November 6 coronavirus news

By Nectar Gan, Steve George, Lauren Kent, Rob Picheta and Hira Humayun, CNN

Updated 0532 GMT (1332 HKT) November 7, 2020
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12:29 a.m. ET, November 7, 2020

Our live coverage of the coronavirus pandemic continues here.

12:26 a.m. ET, November 7, 2020

White House chief of staff tests positive for coronavirus

From CNN's Kaitlan Collins and Jim Acosta 

White House chief of staff Mark Meadows walks past Marine One at the White House on October 30, in Washington, DC.
White House chief of staff Mark Meadows walks past Marine One at the White House on October 30, in Washington, DC. Andrew Caballero-Reynolds/AFP/Getty Images

White House chief of staff Mark Meadows has tested positive for coronavirus, two officials confirmed to CNN.

Meadows traveled with United States President Donald Trump on Sunday and Monday. He was also at the White House election night party on Tuesday and in close contact with members of the President’s family. 

White House officials are now alarmed given Meadows has been around other staffers while potentially contagious, one aide says. The White House had invited people to watch the results roll in that night.

At the time, White House communications director Alyssa Farah said there would be temperature checks and precautions taken given the pandemic. Initial plans to hold an event at the Trump Hotel were scrapped because of local restrictions on indoor gatherings and fear there would be significant fines.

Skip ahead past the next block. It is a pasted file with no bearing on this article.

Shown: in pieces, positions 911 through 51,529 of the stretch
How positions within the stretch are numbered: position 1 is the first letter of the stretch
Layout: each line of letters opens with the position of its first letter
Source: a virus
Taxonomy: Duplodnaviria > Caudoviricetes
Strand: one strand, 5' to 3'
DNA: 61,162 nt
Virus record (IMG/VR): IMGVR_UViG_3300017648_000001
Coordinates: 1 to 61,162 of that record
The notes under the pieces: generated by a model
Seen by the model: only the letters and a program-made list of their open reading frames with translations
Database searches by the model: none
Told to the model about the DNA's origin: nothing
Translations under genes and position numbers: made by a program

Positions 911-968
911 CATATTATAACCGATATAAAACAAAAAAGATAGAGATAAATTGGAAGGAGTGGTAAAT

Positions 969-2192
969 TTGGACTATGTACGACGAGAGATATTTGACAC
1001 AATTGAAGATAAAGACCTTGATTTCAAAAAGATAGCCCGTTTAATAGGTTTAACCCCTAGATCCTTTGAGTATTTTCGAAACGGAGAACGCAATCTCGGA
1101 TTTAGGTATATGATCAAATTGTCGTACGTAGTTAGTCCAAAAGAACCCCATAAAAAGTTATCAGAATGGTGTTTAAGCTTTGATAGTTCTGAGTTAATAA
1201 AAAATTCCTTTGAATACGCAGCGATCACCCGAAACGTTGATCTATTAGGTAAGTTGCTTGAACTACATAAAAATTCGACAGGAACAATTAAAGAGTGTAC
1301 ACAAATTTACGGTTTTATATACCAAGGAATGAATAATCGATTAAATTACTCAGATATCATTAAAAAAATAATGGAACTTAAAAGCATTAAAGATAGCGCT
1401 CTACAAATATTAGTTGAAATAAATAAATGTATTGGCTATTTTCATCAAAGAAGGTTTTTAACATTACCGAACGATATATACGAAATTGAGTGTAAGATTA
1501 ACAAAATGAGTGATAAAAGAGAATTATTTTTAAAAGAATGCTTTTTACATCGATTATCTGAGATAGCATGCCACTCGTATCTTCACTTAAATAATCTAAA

The President delivered remarks from the White House press briefing room last night.

Read more here.


10:14 p.m. ET, November 6, 2020

Illinois governor is self-quarantining after possible Covid-19 exposure

From CNN's Brad Parks and Raja Razek

Illinois Gov. J.B. Pritzker is seen at the Thompson Center in Chicago on September 22.
Illinois Gov. J.B. Pritzker is seen at the Thompson Center in Chicago on September 22. E. Jason Wambsgans/Chicago Tribune/Tribune News Service/Getty Images

The Illinois Governor's Office announced in a news release Friday that Gov. J.B. Pritzker is quarantining due to possible Covid-19 exposure.

"The Governor's Office was notified this afternoon of a recent exposure to Covid-19 and as result of that possible exposure is currently conducting contact tracing and following all necessary health protocols from IDPH. The exposure was the result of an external meeting with the Governor that took place on Monday in a large conference room in the Governor's Office,” the statement read.